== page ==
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The State of Online Poker Post-Black Friday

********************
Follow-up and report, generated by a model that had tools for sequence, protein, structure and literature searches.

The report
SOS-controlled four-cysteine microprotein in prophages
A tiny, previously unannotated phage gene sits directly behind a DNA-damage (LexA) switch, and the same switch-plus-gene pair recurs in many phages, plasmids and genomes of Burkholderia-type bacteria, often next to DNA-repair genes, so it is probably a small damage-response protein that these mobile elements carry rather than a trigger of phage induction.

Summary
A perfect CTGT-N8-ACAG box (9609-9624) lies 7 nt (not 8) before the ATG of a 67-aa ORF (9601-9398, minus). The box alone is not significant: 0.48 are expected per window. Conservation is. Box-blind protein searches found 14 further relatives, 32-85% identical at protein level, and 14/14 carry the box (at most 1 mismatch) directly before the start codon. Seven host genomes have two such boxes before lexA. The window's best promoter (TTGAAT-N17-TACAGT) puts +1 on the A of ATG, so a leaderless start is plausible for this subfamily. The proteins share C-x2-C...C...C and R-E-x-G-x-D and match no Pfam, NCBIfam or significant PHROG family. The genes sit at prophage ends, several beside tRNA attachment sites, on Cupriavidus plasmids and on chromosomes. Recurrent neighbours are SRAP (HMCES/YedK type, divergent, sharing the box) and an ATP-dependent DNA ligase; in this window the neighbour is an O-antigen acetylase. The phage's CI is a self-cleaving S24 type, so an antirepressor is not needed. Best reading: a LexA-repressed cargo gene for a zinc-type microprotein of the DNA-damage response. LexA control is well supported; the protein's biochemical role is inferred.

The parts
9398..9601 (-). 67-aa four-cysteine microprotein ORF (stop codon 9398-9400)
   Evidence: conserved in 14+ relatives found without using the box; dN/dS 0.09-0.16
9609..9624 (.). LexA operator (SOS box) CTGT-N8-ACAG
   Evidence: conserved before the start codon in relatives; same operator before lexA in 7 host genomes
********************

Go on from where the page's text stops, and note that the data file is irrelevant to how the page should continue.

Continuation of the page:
When Black Friday happened, the online poker world was turned upside down overnight. American pros lost large chunks of their bankrolls and the ability to play online. But what did it mean for the rest of the poker world? This week's Shuffle is going to look at what happened throughout the rest of the world in the aftermath of Black Friday. The first thing that happened is that guarantees were slashed overnight due to the fact that just under half of the global player-base vanished instantly. PokerStars was the least affected by this, losing around 30% of its traffic, while the other indicted rooms, AP/UB and Full Tilt, lost a far larger share of their player-base. It soon became apparent that UB money was worthless, although to anyone who had been following the superuser scandal on AP/UB, this was not a surprise. What did shock players everywhere, however, was when evidence came to light that Full Tilt used player funds for advertising and operating expenses and couldn't cover withdrawals. This lead to the Alderney Gaming Commission suspending their license, effectively closing Full Tilt's doors. Now players everywhere who weren't smart enough to withdraw most of their bankrolls from the indicted sites are in the same boat as American players. So with UB/AP and Full Tilt out of the picture as serious poker rooms, who's left? The answer is basically PokerStars and the Eurosites who haven't accepted U.S. customers since the UIGEA was passed in 2006, such as Party Poker and William Hill. What are games like on Pokerstars now? Well, for a lack of a better term, they're 2007-ish. The games aren't as soft as they were during the early days of the poker boom, but they're softer than they have been at any time since 2008, which is around the time that it's generally accepted that poker became tough to beat at a decent winrate for your average 'good' player. Before Black Friday, my standard multi-table tournament (MTT) table for a $75 or 109 buy-in freezeout would look something like this: Seat 1 - Me Seat 2 - Good American Reg/Pro Seat 3 - Decent American Amateur Seat 4 - Good American Reg/Pro Seat 5 - Good European Reg/Pro Seat 6 - European Fish Seat 7 - Russian Fish Seat 8 - Good American Reg/Pro Seat 9 - Decent American Amateur In any given upper mid-stakes tournament, over half of the field consisted of good American professional or decent American amateur poker players. With the difficulty in depositing that the UIGEA caused for the fish and the general feeling among amateurs that online poker 'may' be illegal in the U.S, the weak amateur players or 'fish' simply no longer bothered to play online poker. As a result, on average, the American online poker players were on average among the strongest players in the world. Currently, my standard table in one of these tournaments looks a little more like this: Seat 1 - Me Seat 2 - Weak Australian amateur Seat 3 - Decent Brazilian amateur Seat 4 - Brazilian aggro-fish Seat 5 - Lithuanian call-station Seat 6 - Hungarian passive fish Seat 7 - Good European Reg/Pro Seat 8 - Good Canadian Reg/Pro Seat 9 - Weak Venezualan amateur The MTT scene, on Pokerstars in particular, is softer than it has been in a long time. Players 3x raising and folding to a re-raise with 11 big blinds behind is commonplace. Players limp-calling a 5x raise with 15bb then check-folding the flop is also commonplace. There are still a decent number of European, Australian, Canadian, Russian and Brazilian pros on the tables, but as a percentage of the field, the reg to fish ratio has halved. The field sizes are a little over half of what they were before Black Friday, but only contain about a quarter of the regulars you had grown accustomed to seeing at your table day in and day out. With far more South American, Eastern European and Asian players at your average table, the games are simply much softer than they used to be. A $75 freezeout plays like a $26 freezeout did pre-Black Friday. A $100 rebuy plays like a $50 rebuy did pre-Black Friday. A $10 rebuy plays like a $5 rebuy did pre-Black Friday. Although the games aren't as soft as a typical live poker game, they have become far more beatable for most players than they were three months ago. This is mostly thanks to the influx of terrible Brazilian, Russian, Venezualan, Hungarian, Lithuanian and Czech players you now have on every table in every single MTT. Now, that isn't to say that online poker players (specifically MTTers) should expect to earn significantly more money than they did before Black Friday. Unfortunately, about half of the tournaments with guarantees that made them worth playing no longer exist. This is due to the closure of Full Tilt and UB/AP. Although a good player's average big blinds won per 100 hands in cash games and ROI in tournaments has increased, the amount of action that these players are getting has also dropped due to the overall decrease of traffic in the online poker world. So win-rates are higher, but overall income is not necessarily increasing. Other sites have been affected by Black Friday as well. Non-American players who steered clear of Eurosites in favour of grinding on Stars/Tilt/UB are now seeking out games on these sites in order to boost their volume, making these games marginally tougher than they were before. The 'Eurosites' do however remain softer than any site that ever accepted American players. You just have to tolerate the inferior software. One puzzling thing is the fact that Bwin/Party hasn't offered to buy Full Tilt in order to gain access to their player-base and software. For a few hundred million dollars, the newly merged Bwin/Party company (bwin is the main Ongame network skin) could create a 'super-room' and take Full Tilt's position as the undisputed number two poker room behind PokerStars. If they had Full Tilt's software and player-base, a Bwin/Party superroom could even look to challenge PokerStars for the number one position in the future. Such a surpassing might be rather easy if PokerStars is excluded from the American market in the event that it is reopened. Overall, I expect that most non-American professional poker players will earn a similar amount of money over the next year as they did over the previous year, with a higher ROI or rate of big blinds won per 100 hands, but lower volume due to the decreased availability of games across the board. Personally, I'm hoping that the next World Series of Poker Main Event champion is Eastern European, Asian or South American. A poker boom in any of these areas would be great news for those of us that play poker professionally. Poker still has plenty of room to evolve in these regions compared to North America and Northern Europe in particular.